JS 009 — CRUD POST request

Greem
4 min readNov 19, 2023
  • Observe how to send a POST request using HTML forms and JavaScript
  • Explain the difference between optimistic and pessimistic rendering

slide: reveal .md

video: https://youtu.be/WCgaXe-b0YE

lectures: https://docs.google.com/spreadsheets/d/1gp4m4u5ke1_qVa-KU9P4XZTvQCy933wvfn4DwIKYREU/edit#gid=0

  1. Let’s code DRY (don’t repeat yourself)
//index.js
//line 61
////////////////////////////////////////////////////////////
// Invoking functions
//initial store render
//fetchResource('http://localhost:3000/stores/1') //get rid of this
fetchResource('/stores/1')
.then(store => {
renderHeader(store)
renderFooter(store)
})
.catch(e => console.error(e))

//render response data => books
//fetchResource('http://localhost:3000/books') //get rid of this
fetchResource('/books')
.then(books => books.forEach(renderBookCard))

//second .then returns JS data so we can send it to render function
.catch(e => console.error(e))

2. We can code more dynamically and add the url

line 3
////////////////////////////////////////////////////////////
// Fetch requests
// Function for making a GET request
//returns a promise
function fetchResource(url){
return fetch(`http://localhost:3000${url}`)
.then(res => res.json()) // the first .then returns a promise
}

Question: what does the first .then return?

answer: first .then returns a promise

Question: What do we do with the 2nd .then?

answer: second .then returns JS data so we can send it to render function

3. postBook function. What is this function returning?

answer: returns a promise

    //POST request 
function postBook(book){
return fetch("http://localhost:3000/books", {
method: 'POST',
headers: {
'Content-Type': 'application/json'
},
body: JSON.stringify(book)
})
.then(res => res.json()) //1st then returns a promise
}

4. Then the rest of the asynchronous .then gets the promise and console log the response if it was successfully posted or not.

// Event Handlers
function handleForm(e){
e.preventDefault()
//Builds Book
const book = {
......
}
renderBookCard(book)

//after we create a new book object,
//we send the object to the server as a POST request
postBook(book) //postBook invocation which is the first .then returns a promise
.then(console.log) //2nd then console log the data
.catch(err => {
console.log(err)
removeBookCard(book)
})

}

5. For the user experience, how can we improve the fetch request? We are currently renderBookCard with the new book object before actually sending the POST fetch request.

4. We give useful immediate response to the users.

        //optimistic rendering
//renderBookCard(book)


//after we create a new book object, we send the object to the server as a POST request
//pessimistic rendering
postBook(book)
.then((book) => renderBookCard(book))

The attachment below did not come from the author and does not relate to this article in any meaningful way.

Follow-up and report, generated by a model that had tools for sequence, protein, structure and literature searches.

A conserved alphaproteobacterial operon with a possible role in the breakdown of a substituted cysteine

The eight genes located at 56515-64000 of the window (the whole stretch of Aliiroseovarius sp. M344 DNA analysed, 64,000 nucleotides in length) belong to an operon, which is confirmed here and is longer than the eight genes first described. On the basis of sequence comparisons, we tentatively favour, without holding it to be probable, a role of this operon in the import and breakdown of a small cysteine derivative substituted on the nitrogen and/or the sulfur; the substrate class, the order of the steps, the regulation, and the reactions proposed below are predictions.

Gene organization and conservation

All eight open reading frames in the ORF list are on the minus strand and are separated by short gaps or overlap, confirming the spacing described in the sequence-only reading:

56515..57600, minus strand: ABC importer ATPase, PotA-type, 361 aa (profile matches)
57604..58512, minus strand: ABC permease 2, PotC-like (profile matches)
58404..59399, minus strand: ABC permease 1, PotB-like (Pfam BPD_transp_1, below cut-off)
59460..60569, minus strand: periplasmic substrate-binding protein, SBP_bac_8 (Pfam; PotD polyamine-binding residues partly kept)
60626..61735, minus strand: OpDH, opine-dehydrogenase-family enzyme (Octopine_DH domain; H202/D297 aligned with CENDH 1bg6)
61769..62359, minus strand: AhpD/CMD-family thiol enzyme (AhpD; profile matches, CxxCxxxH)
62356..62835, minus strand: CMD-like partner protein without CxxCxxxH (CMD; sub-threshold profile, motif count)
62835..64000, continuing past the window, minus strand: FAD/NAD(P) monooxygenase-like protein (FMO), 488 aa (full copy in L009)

.catch(err => {
console.log(err)
removeBookCard(book)
})

}

5. optimistic rendering vs pessimistic rendering

Optimistic rendering: This occurs instantaneously and is confined to the DOM tree. It anticipates a successful response and renders the behavior based on the assumption of a successful outcome.

Pessimistic rendering: In this approach, the system sends the data via a fetch request and waits for the response, which can either be fulfilled or rejected. ‘Fulfilled’ indicates a successful post request, while ‘rejected’ indicates an error. Consequently, the data is rendered only after receiving confirmation of a fulfilled request.

6. What is different between GET request and POST request?

Post request has a second parameter (“initiator” object).

https://developer.mozilla.org/en-US/docs/Web/API/Fetch_API/Using_Fetch#supplying_request_options

7.

    //POST request 
function postBook(book){
return fetch("http://localhost:3000/books", { //init object
method: 'POST', //// *GET, POST, PUT, DELETE, etc.
headers: {
'Content-Type': 'application/json' //we are sending json object
},
body: JSON.stringify(book) //the body is book object,
//which turn that into json obj
})
.then(res => res.json())
}

8. Remember GET request and POST request are different

GET request: JSON object to JS object. parsing JSON obj into JS obj, using .json()

POST request: JS object to JSON object, using JSON.stringify(book)

9. Problem: How can we make the post fetch function more dynamic so in the future, when we want to post different kinds of data such as store, we can re-use the function?

10. Answer: With this new function, we take two parameter, url, and body object.

    function createResources(url, body){
return fetch(url, {
method: 'POST',
headers: {
'Content-Type': 'application/json'
},
body: JSON.stringify(body)
})
.then(res => res.json())
}

11. When we invoke the fetch function with the first promise, we send two arguments, url and book object.

        createResources('http://localhost:3000/books', book)
//When we invoke the fetch function with the first promise,
//we send two arguments, url and book object.
.then(renderBookCard)
.catch(err => {
console.log(err)
removeBookCard(book)
})

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